DC’s combined sewer area.  Image from DC Water.

The Obama administration’s decision to to pay an impervious area fee added to all water bills in DC, reversing its earlier position, is a welcome step toward cleaner water.

DC Water levies the impervious area charge on customers based on the estimated level of stormwater their properties dump onto the streets and thus into the sewers. This is necessary to pay for replacing DC’s antiquated Combined Sewer Overflow (CSO) system.

Until 1900, the District installed under every street one pipe to handle both sewage and storm water.  Whatever you emptied into your kitchen sink emptied into the same pipe carrying whatever washed along your street’s curbs.

The problem is that our sewer system, much like those in other old American cities, simply cannot handle the sheer volume of water that flows through the sewers during heavy rains.  As a result, the sewers overflow into Rock Creek, the Potomac, and the Anacostia at 53 outfall points during these storms.  As you can imagine, this discharge is neither safe nor pretty.

Rather than dig up every 18th- and 19th-century neighborhood street, DC Water is building several huge containment tunnels to temporarily store sewage-storm “brews” until the treatment plant at Blue Plains can process it all after the storm.

DC Water’s CSO plan.

Underground storage tunnels will cost $2.2 billion. To recoup this cost, DC Water started levying a fee on all impervious surfaces on customers’ properties, regardless of whether the property is located in a combined sewer area. 

Impervious surfaces, such as a house’s footprint or a driveway, prevent the ground from absorbing rainwater and slowly releasing it through local springs. Instead, water runs off our roofs, into gutters, down the downspouts, onto a sidewalk or driveway, into the street and then into the sewer.  Consequently, storm drains on the street aren’t just handling street water, they’re also handling the water our homes, offices, parking lots, and driveways dump on the streets.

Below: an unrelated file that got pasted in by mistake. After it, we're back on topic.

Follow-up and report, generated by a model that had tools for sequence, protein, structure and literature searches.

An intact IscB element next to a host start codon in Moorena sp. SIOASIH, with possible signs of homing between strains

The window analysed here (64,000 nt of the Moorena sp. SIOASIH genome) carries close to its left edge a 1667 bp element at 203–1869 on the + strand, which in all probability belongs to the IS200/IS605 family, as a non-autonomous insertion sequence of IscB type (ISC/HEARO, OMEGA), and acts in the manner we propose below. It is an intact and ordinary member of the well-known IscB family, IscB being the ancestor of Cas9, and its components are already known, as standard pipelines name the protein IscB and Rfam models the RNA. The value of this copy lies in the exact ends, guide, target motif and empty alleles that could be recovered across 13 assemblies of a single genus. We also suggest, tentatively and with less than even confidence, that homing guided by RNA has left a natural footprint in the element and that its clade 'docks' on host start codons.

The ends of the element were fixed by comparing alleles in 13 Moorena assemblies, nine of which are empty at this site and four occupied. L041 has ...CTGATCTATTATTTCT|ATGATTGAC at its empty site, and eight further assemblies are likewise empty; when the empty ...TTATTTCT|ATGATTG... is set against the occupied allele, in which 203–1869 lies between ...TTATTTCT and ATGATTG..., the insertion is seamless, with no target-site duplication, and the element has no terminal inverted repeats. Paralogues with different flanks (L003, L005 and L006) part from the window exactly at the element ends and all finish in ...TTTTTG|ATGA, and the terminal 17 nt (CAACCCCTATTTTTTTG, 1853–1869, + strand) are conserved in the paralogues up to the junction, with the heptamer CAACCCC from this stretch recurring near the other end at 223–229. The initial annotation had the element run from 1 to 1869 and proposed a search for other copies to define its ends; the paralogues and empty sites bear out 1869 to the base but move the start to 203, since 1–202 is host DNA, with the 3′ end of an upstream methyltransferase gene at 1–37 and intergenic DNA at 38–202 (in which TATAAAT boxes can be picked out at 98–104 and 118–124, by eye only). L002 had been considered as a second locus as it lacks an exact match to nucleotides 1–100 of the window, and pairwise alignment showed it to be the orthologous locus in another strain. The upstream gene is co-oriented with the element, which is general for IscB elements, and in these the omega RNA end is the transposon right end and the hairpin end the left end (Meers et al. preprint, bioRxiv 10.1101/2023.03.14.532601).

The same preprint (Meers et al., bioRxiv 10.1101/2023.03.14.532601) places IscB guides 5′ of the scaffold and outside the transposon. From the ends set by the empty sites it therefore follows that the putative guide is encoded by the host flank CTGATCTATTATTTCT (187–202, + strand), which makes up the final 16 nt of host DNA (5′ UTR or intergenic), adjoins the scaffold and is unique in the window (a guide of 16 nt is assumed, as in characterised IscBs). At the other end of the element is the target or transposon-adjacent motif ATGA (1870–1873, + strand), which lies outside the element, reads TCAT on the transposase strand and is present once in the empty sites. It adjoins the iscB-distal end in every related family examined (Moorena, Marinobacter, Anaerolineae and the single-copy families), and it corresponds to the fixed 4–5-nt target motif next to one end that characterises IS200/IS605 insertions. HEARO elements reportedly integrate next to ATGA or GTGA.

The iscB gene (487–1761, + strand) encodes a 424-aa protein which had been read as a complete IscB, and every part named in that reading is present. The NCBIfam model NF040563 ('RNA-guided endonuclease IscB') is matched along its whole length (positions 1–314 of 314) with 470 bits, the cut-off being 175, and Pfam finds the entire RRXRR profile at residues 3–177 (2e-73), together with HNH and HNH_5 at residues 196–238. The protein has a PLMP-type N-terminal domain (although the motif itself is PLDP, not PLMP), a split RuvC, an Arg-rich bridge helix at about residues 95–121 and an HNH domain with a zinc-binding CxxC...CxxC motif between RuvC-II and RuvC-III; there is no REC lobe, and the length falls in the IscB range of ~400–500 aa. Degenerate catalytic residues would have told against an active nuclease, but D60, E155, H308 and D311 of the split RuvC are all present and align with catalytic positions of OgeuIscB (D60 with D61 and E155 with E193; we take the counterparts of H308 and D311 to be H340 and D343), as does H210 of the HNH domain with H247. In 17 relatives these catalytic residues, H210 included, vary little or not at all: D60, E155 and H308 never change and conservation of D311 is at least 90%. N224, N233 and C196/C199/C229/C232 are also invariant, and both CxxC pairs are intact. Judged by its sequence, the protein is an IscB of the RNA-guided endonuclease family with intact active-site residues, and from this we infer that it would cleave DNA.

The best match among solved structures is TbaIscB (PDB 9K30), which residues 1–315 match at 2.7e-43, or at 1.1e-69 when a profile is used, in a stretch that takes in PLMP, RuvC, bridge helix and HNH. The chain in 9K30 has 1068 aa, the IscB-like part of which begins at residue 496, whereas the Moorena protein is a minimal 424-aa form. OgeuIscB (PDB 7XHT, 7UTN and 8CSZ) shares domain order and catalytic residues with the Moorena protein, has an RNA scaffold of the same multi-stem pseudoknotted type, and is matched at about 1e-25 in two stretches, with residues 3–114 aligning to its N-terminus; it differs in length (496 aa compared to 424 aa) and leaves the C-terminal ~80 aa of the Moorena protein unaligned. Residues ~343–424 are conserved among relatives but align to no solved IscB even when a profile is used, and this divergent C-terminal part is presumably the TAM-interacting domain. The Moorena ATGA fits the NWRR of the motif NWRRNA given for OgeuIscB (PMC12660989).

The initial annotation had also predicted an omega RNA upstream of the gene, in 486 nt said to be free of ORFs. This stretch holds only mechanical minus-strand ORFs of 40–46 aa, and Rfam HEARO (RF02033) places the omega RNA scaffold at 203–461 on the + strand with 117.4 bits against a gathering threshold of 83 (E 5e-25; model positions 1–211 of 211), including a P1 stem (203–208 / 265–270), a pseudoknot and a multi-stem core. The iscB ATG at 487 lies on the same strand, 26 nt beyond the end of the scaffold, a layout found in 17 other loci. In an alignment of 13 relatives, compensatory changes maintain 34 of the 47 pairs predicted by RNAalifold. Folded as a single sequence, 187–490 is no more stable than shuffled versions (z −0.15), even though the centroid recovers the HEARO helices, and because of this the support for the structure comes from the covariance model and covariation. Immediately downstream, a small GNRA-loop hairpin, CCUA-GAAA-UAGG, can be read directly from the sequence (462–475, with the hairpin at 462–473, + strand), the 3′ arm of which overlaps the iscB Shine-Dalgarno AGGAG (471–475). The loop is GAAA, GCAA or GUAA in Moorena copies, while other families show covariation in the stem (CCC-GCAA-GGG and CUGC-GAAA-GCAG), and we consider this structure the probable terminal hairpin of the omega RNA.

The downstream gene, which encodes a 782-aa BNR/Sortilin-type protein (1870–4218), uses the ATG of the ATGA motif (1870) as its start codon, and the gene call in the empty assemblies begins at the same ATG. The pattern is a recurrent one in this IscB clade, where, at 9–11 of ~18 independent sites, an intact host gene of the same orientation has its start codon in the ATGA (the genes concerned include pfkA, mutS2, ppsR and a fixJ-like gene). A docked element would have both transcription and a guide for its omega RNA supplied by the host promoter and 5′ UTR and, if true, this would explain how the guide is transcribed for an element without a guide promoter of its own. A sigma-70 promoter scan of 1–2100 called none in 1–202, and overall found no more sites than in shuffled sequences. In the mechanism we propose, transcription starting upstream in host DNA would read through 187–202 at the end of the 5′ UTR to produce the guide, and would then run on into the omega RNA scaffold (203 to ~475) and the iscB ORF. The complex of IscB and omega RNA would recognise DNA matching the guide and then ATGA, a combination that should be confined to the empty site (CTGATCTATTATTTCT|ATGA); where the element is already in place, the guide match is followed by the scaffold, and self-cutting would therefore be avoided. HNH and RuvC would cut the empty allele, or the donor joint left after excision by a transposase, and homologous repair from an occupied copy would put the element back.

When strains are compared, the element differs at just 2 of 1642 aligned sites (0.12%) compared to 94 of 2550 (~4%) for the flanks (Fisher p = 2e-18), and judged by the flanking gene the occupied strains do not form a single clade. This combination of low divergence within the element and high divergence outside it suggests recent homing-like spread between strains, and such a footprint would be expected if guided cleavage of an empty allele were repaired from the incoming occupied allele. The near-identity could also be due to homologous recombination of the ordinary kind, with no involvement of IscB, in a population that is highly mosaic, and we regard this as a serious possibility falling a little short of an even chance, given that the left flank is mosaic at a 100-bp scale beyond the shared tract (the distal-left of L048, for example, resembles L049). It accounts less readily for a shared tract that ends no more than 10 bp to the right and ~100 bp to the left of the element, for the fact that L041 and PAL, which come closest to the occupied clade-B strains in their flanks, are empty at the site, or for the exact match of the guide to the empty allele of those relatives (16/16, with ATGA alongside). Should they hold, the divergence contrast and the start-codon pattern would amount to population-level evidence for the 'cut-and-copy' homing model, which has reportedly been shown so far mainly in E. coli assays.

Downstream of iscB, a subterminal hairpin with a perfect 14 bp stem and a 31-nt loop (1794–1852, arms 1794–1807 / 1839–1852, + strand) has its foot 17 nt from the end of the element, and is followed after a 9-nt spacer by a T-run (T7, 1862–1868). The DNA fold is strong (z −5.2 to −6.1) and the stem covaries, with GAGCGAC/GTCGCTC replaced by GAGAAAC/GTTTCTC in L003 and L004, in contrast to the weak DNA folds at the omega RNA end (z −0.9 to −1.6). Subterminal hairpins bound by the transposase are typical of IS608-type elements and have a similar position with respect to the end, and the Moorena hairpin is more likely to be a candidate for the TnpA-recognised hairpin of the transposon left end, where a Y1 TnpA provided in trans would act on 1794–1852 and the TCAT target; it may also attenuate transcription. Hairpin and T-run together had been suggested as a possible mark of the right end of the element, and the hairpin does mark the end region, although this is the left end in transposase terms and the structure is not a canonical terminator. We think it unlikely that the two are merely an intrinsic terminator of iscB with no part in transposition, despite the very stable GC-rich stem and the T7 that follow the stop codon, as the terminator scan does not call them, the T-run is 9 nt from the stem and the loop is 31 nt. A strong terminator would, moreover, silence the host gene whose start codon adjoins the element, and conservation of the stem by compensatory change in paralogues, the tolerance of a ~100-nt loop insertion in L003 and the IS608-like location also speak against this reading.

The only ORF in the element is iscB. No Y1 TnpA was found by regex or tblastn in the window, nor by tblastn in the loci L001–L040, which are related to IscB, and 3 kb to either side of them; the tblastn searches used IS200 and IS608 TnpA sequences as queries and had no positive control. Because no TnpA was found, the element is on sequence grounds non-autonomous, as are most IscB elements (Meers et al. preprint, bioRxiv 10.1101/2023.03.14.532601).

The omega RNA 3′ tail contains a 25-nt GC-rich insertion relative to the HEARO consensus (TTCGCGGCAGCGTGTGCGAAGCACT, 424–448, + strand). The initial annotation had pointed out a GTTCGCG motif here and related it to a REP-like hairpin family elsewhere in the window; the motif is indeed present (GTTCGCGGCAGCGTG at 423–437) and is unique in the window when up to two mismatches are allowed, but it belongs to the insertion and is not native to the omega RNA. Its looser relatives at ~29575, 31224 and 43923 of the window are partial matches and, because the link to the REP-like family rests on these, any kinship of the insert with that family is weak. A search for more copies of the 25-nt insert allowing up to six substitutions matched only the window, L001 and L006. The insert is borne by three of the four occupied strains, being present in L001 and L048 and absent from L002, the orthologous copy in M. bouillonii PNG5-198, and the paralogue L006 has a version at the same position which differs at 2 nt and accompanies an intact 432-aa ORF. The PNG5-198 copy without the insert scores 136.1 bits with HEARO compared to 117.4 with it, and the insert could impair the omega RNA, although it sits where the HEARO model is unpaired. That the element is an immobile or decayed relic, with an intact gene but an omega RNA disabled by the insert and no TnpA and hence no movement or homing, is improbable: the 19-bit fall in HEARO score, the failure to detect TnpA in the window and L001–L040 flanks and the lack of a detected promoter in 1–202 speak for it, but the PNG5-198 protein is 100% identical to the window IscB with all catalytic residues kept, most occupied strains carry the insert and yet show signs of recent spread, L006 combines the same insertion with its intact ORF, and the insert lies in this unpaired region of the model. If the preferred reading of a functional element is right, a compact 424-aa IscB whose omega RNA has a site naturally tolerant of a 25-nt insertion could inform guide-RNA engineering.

DC Water is working with the DC Department of the Environment to discount the fee for properties that mitigate their runoff.  Until then, we’re all paying for our runoff and the tunnels that must contain it.

But is it a fee based on usage, like your water bill, or is it a tax, like a property tax?  As you learned in your civics class, no state, and certainly not the District, may tax the Federal Government.  The Feds will pay for services provided, such as water and electricity, but they will not pay property and other taxes.

Since this fee is structured to approximate your burden on the sewer system, it shouldn’t count as a tax. The Obama administration at first disagreed, arguing it was a tax and that the federal government should not pay.

Most ironically, DC Water’s tunnels are being built to comply with the federally-mandated Clean Water Act.  In essence, the federal government contributes to the problem, mandates a solution, but refuses to pay for it.  This is worse than an unfunded mandate because federal government properties are partly responsible for the problem in the first place.

Without the federal government paying its share, which accounts for 20% of impervious area in DC, water bills for DC residents would soar to compensate for the Feds’ “principled” delinquency.  One can imagine residents demanding DC Water shut off the water to all government properties; it’s hard to stand on principle if it means sitting in a porta-potty.

Congresswoman Eleanor Holmes Norton (D-DC) and Senator Ben Cardin (D-MD) are more diplomatic. They are sponsoring legislation to require the Federal Government to pay.

Fortunately, after a second look, and probably after some hard lobbying, the Government Accountability Office reversed its earlier decision.  In a recent letter DC Water provided us, GAO states, “We have concluded that the [Impervious Surface Area] charge is a component of the utility rate customers pay for water and sewer services.”  That is, the impervious area charge is an integral part of financing a sewer system, that by law must comply with national water quality standards.